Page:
true tales from the gates of the underworld


Jump
July 15, 2011, 12:18 pm
Filed under: Poetry

1
There is this one moment: After you have jumped and you can still feel the pressure of the ground,
like a memory, beneath your feet, when you are still floating, but the sweet pull of gravity is already there,
unstoppably drawing you down into its embrace.
That is the moment.

I know this now. And maybe it is the only thing worth knowing: that, whenever you jump, there is one moment
it was worth jumping for. Even if it is uncertain where you’ are going to land.

Myself, I have only jumped a few times. But considering the short span of my life so far, it was plenty. You
always have to jump too many times – and never often enough.

They say that some people have jumped across their own shadows.

Had the air not been so sticky, that afternoon, and so sweet, I might have never gone to the garden that lay
hidden within the banks that plunged down as cliffs into the sea a little further away. The banks above the village where I spent the summer. It was part of the ruined remains of an old manor, protected from the North Wind and
the salty gales only by an old wall of roughly worked white stone.

The people of the town said the house was uninhabitable and dangerous because of the North Wind rushing through
the walls.
The people of the surrounding villages said it was uninhabitable and dangerous because ghost were creeping around.

They say the North Wind is the ruler of the sky. The fishermen prayed to him for fish. Sometimes he was merciful.

But the air was sticky, that afternoon, and sweet, and I sought refuge in the garden. The Olive trees were
silvery-green and the shadows of the wild flowers colourful.

How I got up on top of the banks, I can’t remember. I think it was something to do with an argument with an,
in my memory already fading, lover, that drove me up there.
Standing up there, gazing out, into the world and the sea, I wanted to feel like I understood something.
I wanted to know where the place was I would land. Sometime.

2
Because it was so sticky, that afternoon, and the and the air ferociously sweet, I sought refuge in the overgrown
garden, where the North Wind strayed around like a ghost, beneath a pomegranate tree. There was something
else in this garden, which was fraught with the bitter-sweet scent of the many wild plants, and the salty breath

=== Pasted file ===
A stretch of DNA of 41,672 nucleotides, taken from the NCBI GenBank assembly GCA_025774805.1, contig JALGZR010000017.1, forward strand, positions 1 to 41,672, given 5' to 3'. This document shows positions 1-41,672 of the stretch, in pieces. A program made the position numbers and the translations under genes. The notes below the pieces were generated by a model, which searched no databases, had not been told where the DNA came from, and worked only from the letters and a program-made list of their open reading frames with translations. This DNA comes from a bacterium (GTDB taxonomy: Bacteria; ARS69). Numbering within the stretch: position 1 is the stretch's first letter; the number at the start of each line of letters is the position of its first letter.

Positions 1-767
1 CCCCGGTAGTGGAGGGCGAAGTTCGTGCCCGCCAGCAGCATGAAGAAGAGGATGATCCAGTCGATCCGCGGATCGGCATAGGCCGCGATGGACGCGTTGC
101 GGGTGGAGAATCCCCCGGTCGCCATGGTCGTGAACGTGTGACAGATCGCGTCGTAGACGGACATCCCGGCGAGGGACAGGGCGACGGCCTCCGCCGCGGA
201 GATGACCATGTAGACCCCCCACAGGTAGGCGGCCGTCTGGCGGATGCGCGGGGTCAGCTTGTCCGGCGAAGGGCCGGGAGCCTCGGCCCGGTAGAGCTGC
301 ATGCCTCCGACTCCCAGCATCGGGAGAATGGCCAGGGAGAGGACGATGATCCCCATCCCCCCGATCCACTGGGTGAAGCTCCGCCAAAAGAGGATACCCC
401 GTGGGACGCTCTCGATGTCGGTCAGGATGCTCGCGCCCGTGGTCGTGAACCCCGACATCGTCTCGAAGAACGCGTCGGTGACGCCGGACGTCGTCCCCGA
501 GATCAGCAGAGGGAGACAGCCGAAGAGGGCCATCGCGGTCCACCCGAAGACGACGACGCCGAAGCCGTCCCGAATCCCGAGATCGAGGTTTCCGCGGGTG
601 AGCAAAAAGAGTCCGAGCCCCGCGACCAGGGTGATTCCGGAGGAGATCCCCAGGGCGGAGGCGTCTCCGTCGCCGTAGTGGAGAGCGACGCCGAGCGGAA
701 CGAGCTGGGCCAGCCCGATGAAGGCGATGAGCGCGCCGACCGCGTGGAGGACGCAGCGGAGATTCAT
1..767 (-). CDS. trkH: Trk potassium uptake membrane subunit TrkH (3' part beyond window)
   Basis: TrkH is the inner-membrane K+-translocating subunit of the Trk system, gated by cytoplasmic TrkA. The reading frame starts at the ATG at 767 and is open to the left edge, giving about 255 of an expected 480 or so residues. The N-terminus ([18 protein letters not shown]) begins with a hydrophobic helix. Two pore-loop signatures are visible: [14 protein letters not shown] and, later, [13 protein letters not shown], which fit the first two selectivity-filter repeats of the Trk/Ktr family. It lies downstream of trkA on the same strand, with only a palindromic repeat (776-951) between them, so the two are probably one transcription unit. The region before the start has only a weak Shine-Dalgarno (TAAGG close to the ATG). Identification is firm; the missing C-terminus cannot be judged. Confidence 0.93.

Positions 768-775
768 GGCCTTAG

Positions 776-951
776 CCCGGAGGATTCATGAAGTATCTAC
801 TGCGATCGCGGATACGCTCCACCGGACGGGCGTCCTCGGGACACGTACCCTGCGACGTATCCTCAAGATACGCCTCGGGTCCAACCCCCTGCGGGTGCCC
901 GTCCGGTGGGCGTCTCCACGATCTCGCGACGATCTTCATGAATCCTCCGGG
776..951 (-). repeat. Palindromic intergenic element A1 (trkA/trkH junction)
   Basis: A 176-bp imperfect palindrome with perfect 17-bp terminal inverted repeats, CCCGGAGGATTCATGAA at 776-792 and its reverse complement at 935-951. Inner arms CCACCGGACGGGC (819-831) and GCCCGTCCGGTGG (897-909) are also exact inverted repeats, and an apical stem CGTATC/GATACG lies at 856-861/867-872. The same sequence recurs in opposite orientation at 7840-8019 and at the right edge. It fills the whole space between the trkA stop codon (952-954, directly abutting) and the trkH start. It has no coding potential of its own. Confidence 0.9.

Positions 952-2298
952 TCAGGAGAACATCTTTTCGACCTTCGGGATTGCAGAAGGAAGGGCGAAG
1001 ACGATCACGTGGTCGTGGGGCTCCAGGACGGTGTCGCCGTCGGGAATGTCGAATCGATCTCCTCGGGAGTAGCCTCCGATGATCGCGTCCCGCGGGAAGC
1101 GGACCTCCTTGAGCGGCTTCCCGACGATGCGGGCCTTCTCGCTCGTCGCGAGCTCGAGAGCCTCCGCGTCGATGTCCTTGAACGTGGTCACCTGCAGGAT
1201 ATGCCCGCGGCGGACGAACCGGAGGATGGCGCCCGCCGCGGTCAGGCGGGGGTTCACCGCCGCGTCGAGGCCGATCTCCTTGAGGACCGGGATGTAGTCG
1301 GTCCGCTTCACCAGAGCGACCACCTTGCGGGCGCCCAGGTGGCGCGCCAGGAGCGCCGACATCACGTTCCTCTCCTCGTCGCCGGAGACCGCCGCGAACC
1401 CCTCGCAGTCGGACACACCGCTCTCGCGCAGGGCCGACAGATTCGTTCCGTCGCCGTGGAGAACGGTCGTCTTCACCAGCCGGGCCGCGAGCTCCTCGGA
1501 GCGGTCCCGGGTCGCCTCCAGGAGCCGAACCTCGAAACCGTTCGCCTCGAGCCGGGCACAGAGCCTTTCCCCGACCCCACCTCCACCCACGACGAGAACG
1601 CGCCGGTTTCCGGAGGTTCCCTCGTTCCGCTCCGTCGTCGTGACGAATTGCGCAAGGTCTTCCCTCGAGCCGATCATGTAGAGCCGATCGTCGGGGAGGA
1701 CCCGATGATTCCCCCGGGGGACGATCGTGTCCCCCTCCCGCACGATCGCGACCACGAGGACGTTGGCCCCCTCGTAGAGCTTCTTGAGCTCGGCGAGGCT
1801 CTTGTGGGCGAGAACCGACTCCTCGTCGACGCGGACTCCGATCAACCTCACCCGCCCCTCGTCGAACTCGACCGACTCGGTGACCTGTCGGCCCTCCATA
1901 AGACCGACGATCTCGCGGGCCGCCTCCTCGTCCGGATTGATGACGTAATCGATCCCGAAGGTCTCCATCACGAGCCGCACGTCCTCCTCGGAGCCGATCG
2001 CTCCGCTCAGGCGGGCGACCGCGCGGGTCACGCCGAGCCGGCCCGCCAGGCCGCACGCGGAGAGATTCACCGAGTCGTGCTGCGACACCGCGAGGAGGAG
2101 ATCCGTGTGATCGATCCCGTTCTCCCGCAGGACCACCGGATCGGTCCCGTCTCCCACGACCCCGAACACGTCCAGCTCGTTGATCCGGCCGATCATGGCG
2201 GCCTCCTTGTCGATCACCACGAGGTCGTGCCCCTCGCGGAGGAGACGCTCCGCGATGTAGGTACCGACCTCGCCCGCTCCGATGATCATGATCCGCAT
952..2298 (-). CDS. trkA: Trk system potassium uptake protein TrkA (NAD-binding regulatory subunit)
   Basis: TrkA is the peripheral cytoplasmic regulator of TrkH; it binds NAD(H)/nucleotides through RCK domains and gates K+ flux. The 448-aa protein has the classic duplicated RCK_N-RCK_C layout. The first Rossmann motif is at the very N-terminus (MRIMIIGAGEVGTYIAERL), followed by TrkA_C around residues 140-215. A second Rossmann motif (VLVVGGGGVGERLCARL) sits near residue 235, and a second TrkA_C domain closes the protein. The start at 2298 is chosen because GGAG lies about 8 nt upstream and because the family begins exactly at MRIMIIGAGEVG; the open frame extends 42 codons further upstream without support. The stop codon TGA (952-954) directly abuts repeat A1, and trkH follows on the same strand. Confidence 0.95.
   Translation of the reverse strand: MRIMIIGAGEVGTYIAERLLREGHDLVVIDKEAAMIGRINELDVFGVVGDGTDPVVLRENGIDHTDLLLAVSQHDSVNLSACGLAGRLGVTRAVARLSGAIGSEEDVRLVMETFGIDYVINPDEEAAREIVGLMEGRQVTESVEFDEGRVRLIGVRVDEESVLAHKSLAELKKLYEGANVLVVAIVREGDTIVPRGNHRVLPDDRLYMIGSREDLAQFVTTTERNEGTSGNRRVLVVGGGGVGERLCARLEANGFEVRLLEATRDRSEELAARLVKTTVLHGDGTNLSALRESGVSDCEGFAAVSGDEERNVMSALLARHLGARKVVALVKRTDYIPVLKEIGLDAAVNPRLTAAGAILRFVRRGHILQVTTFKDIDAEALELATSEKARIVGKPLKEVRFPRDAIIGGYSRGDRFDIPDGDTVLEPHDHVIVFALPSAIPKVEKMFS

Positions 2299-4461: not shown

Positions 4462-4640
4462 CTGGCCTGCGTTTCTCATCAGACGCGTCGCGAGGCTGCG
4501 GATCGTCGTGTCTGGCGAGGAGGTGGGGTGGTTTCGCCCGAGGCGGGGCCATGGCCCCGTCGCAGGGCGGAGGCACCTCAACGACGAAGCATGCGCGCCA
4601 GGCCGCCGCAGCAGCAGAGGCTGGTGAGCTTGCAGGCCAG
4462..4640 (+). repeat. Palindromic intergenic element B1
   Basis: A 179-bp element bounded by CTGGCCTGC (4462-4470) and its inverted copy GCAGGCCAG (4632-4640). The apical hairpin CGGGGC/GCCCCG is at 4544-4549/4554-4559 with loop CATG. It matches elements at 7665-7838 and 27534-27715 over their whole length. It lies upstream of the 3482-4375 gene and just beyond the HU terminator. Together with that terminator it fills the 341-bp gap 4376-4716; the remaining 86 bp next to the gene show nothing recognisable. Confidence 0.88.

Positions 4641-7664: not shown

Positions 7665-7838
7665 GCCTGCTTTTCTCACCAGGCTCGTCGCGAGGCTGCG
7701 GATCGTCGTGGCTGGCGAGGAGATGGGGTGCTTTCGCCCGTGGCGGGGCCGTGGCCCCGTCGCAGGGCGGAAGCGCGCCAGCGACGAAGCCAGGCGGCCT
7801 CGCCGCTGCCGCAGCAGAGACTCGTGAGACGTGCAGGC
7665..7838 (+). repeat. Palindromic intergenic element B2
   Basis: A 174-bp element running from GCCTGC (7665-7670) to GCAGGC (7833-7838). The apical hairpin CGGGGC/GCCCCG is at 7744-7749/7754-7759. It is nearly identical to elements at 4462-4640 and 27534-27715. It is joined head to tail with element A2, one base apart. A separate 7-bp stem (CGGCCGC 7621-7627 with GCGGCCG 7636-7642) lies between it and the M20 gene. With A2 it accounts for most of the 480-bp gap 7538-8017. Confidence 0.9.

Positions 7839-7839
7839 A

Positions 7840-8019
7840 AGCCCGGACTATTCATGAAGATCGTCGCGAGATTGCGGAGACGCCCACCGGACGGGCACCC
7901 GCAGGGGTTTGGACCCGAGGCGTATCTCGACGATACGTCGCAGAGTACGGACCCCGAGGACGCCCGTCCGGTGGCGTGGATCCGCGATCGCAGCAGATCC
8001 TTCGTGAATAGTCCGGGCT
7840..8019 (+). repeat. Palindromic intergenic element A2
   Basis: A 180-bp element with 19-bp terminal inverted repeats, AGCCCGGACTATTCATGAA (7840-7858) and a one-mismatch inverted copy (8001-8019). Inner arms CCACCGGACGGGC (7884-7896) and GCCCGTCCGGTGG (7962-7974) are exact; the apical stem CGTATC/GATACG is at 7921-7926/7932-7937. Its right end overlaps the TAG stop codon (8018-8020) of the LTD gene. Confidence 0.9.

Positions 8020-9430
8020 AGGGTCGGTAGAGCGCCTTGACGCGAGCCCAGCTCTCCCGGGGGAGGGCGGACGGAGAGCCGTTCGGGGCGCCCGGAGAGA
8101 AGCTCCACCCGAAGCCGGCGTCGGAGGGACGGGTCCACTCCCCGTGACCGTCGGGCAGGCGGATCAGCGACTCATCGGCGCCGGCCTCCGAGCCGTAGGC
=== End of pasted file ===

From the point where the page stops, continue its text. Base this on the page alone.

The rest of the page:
of the sea – unsatisfactory deliverance. There, beneath a fig tree, sat a man.

I had at first not noticed him, the strange body, who sat under the branches which heavily carried unripe figs,
but after a while, when my ears adapted to the voice of the wind, and the too loud screaming of the salt,
I finally heard him through everything else. In his firm voice, he was reciting poems. He was speaking for
the wind.

Had it not been so sticky, that afternoon, and the air not so sweet, I might have never gone to this garden,
where a man, his head crowned by leaves and unripe figs, was reading poems to the wind.

But it was sticky, and the air sweet, when I got up and walked on a dilapidated stone path, covered in
leaves – they could have lain there for centuries – I walked across to the man, who was reciting the last line
of a poem about a girl, who transformed into a tree.
His skin was tanned, his black hair dishevelled by the wind. Dark eyes glowed in a face that was still that of a boy.
His arms were strong as a fisherman’s who has to wrestle with the sea and the North Wind to retrieve
his nets, and he looked like one, whom the North Wind has gnawed at. He didn’t seem surprised to see me.
His eyes seemed to know everything. And still, he said, shyly:
‘I am reading to the Wind.’
‘I know.’ I said.

And then I sat down next to him and listened, as he began anew to recite a poem. It was about a girl, who
transformed into a flower, and the salty air blended in with his voice. He asked me if I had poems I wanted
to recite to the Wind.
I said: ‘I tell stories.’
And I told him and the Wind the story of a girl who turned into a daemon.

3
Had it not been so sticky, that afternoon, which was slowly turning to evening, and the air so sweet,
we might have asked each other about the things you collect in life: The names, the vocations, the
relations, the wonders. But his eyes seemed to know everything, and it was enough for me that he
seemed to know everything.
I said: ‘They say there’s ghosts here.’
He replied: ‘That is the North Wind.’
I said: ‘The wind is whistling in the trees.’
He replied: ‘Those are the ghosts.’

The next day was cooler, and the sweetness that had been in the air had thinned so far that all that remained
was a light breath, hanging over the little world on the seaside.
Light as organza.
The pale lover had run away shouting, but I didn’t understand what he said.
I only knew it had not been poems.
He left me standing there, alone, in the small room his pale image had lured me into. Alone. I had to jump to
get away. And I jumped into the garden.

The man was sitting on a semi-derelict wall and was reciting poems to the Wind. It was about a girl who
turned into the flame of a candle. His eyes seemed to know everything, so I asked him:
‘Where will I land, when I jump?’
‘In life.’ He said.
And because it was enough for me that he seemed to know what that meant, I sat down next to him and
listened until it was my turn to tell.

4
It was cold. The scent had escaped the mists, that had condensed to clouds, as if they were trying to preserve
the last of their presence, which were turning angrier and darker the less they could preserve.
The man was sitting on the steps in front of the old house, where people say there where ghosts, and it was
uninhabitable and dangerous because the Wind blew through the walls.